Energy Performance Certificates (EPCs) are one measure of the modelled energy efficiency of properties. British Land has a strong track record of improving actual operational efficiency and has set challenging targets to drive further progress.
In 2020, we launched our ambitious sustainability strategy, a central part of which is to build on the significant progress we’ve made in the previous decade and transition our portfolio to be net zero carbon by 2030. Reducing emissions from operational energy to be as low as possible is an important part of that plan. We have already reduced landlord energy intensity by 55% across our portfolio since 2009 and we aim to reduce whole building energy intensity by 25% by 2030, versus 2019.*
Our well-established efficiency programme not only advances progress towards our net zero carbon goal, but also futureproofs our portfolio, better positioning it for both the growing demand for more sustainable space and increasingly progressive climate regulations.
The Minimum Energy Efficiency Standards (MEES) have made it illegal to lease or renew leases for properties with EPC ratings below E since 2018 with few exceptions. In April 2023, requirements expanded to include all commercial leased properties, not just new leases and renewals. Additional changes are also proposed to strengthen MEES on a phased basis to 2030, with requirements projected to rise to EPC C or above from 2027 and to EPC B or above from 2030.
We support the strengthening of MEES requirements and, together with the industry, have provided detailed feedback on the proposed changes. We would welcome swift confirmation on the new regulations, so that we can accelerate action. We have significant expertise and experience in upgrading energy performance, which positions us well as the market evolves.
* 55% reduction in landlord energy intensity from 2009 to 2020, pre-pandemic.
Minimum Energy Efficiency Standards
Required for commercial leased properties in England and Wales, with limited exceptions.
EPC ≥ E for all new leases and renewals
EPC ≥ E for all commercial leased properties
EPC ≥ C for all commercial leased properties
EPC ≥ B for all commercial leased properties
Excellent progress on EPC updates – on track to achieve 2030 target1
Across our managed portfolio, the majority of our assets have a net zero plan and 50% of our portfolio is now rated EPC A or B. This is up from 45% at FY23, and we expect to be around 60% at FY24.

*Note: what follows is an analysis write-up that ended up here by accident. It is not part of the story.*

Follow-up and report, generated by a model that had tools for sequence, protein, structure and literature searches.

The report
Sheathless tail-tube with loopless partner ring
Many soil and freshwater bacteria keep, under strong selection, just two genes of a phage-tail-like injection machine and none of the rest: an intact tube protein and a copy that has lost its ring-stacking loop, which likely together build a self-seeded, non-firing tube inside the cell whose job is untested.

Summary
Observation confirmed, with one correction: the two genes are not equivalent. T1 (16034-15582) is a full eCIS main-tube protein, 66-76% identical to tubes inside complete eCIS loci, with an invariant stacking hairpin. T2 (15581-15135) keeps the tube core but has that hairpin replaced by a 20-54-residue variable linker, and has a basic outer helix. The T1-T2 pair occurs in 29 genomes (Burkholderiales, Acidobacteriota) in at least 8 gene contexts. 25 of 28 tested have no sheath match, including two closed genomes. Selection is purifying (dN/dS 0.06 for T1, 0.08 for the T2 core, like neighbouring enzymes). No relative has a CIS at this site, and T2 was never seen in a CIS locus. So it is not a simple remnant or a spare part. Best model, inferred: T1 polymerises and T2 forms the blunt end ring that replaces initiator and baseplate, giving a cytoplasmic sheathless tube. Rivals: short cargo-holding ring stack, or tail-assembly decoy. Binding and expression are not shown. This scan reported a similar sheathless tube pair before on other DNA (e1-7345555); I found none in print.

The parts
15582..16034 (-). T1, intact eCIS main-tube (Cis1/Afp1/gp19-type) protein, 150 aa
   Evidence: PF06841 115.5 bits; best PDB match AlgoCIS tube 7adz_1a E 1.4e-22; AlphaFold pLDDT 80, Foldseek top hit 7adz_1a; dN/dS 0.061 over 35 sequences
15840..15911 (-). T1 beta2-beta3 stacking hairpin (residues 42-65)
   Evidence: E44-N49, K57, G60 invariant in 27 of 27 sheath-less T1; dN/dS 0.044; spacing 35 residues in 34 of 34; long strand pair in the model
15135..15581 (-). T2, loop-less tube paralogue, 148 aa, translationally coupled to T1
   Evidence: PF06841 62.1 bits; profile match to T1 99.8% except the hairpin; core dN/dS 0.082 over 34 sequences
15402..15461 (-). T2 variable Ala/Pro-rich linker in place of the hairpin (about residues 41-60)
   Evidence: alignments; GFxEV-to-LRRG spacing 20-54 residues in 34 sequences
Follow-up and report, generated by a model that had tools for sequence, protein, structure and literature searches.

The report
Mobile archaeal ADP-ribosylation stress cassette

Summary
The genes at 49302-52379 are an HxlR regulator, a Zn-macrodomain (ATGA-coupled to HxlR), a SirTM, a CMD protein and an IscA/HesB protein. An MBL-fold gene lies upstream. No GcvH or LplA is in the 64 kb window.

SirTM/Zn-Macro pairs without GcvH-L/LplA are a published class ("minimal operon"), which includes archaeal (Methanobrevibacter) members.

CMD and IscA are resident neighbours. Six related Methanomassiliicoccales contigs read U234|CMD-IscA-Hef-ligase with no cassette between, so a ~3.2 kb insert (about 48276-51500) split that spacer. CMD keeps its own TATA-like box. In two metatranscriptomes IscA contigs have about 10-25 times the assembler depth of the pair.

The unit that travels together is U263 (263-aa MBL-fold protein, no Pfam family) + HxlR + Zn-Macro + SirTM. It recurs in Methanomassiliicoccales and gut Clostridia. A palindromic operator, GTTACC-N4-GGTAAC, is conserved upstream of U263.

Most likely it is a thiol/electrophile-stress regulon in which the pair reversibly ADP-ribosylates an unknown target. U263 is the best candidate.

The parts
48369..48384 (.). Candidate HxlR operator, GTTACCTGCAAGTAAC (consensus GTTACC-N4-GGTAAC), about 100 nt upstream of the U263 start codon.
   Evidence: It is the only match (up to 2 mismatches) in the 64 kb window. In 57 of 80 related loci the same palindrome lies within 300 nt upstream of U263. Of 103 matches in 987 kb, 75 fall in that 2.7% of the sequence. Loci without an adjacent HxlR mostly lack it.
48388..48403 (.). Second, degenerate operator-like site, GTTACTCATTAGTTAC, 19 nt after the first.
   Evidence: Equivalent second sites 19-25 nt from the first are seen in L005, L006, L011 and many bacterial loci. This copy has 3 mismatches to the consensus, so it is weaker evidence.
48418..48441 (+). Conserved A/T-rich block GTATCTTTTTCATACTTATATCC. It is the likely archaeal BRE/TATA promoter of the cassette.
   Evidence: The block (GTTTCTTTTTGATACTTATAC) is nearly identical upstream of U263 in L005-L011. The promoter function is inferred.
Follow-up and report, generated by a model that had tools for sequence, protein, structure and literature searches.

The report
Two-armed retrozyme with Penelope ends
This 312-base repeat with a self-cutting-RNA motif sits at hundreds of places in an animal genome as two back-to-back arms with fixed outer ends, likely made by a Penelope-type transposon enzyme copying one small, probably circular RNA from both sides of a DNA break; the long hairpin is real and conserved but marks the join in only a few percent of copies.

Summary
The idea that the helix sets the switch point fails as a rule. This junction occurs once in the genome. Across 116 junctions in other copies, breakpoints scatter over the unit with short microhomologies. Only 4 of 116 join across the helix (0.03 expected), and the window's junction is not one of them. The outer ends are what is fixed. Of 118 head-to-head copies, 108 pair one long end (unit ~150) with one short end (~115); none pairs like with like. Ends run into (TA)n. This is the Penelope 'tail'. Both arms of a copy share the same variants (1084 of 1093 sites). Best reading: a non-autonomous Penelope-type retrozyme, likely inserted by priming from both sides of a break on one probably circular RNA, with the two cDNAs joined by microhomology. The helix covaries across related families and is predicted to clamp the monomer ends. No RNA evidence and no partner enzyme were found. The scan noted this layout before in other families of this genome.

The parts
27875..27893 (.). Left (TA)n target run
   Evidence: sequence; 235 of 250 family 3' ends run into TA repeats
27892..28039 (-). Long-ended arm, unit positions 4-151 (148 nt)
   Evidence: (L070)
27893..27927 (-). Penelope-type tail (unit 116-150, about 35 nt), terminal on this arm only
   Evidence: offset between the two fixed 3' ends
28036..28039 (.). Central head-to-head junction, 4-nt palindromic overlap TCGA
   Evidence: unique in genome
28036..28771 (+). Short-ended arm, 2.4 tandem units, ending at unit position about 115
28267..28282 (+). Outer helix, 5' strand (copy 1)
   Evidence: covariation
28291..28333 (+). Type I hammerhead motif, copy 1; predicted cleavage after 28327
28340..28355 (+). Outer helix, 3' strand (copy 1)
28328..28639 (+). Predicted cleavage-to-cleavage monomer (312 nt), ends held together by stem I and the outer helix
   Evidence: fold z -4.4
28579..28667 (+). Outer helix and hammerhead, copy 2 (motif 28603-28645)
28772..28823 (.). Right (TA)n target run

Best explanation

Below, we provide more detail on EPCs across our portfolio and outline our plans to upgrade energy performance where appropriate.
1 Portfolio data is based on estimated rental value (ERV) as at September 2023. Data includes Retail assets located in Scotland which are not subject to 2023 MEES regulation.
Upgrading energy performance
To meet our 2030 objectives and comply with expected MEES legislation, we have a plan in place to improve the EPC ratings of our portfolio to A or B by 2030.
We estimate the total cost to improve the standing portfolio to EPC A or B to be around £100m, of which two thirds will be recovered through the service charge. By the end of FY24, we will have spent a total of £20m on these initiatives, 70% of which will be recovered via the service charge.
While we are making good progress on EPCs, we are primarily focused on improving energy efficiency and reducing carbon intensity. This is how we will deliver on our 2030 targets to improve whole building energy efficiency by 25% and reduce operational carbon intensity by 75%, both against a 2019 baseline.
To fund any outstanding costs relating to these interventions, we have established our Transition Vehicle, comprising ringfenced funds financed by our internal levy of £60 per tonne of embodied carbon in developments, supplemented by an annual internal float of £5m.
Interventions identified through net zero carbon audits of individual buildings include retrofitting air or water source heating and cooling pumps, installing the latest LED lighting and introducing CO2 controls. These interventions will accelerate progress towards net zero and, at the same time, drive EPC improvements. We are now working with customers to plan these interventions, producing detailed designs and incorporating them into business plans, to move assets out of risk before regulations come into effect.
Interventions will be scheduled to coincide with lease events and planned plant replacement cycles where possible, to minimise disruption to occupiers and avoid unnecessary costs and embodied emissions resulting from replacing equipment before its end of life.
Preparing for MEES
Alongside net zero carbon audits, other workstreams to prepare for MEES include:
All new developments working towards EPC A, as set out in our Sustainability Brief.
Revising lease clauses to reflect the new MEES trajectory to ensure that customer fitouts do not negatively impact EPC ratings.
Resurveying older EPCs, where efficiency improvements have been implemented, to move out of risk now.
Applying for exemptions where it is not commercially or physically viable to improve EPCs to MEES requirements.
We will maintain our focus on improving actual energy efficiency, which is not always reflected in EPC modelling. In addition, we will continue to be mindful of whole life carbon, recognising that it is not always environmentally positive to replace a major plant, as the embodied carbon footprint can be greater than the operational efficiency savings. We are committed to achieving a net zero carbon portfolio by 2030.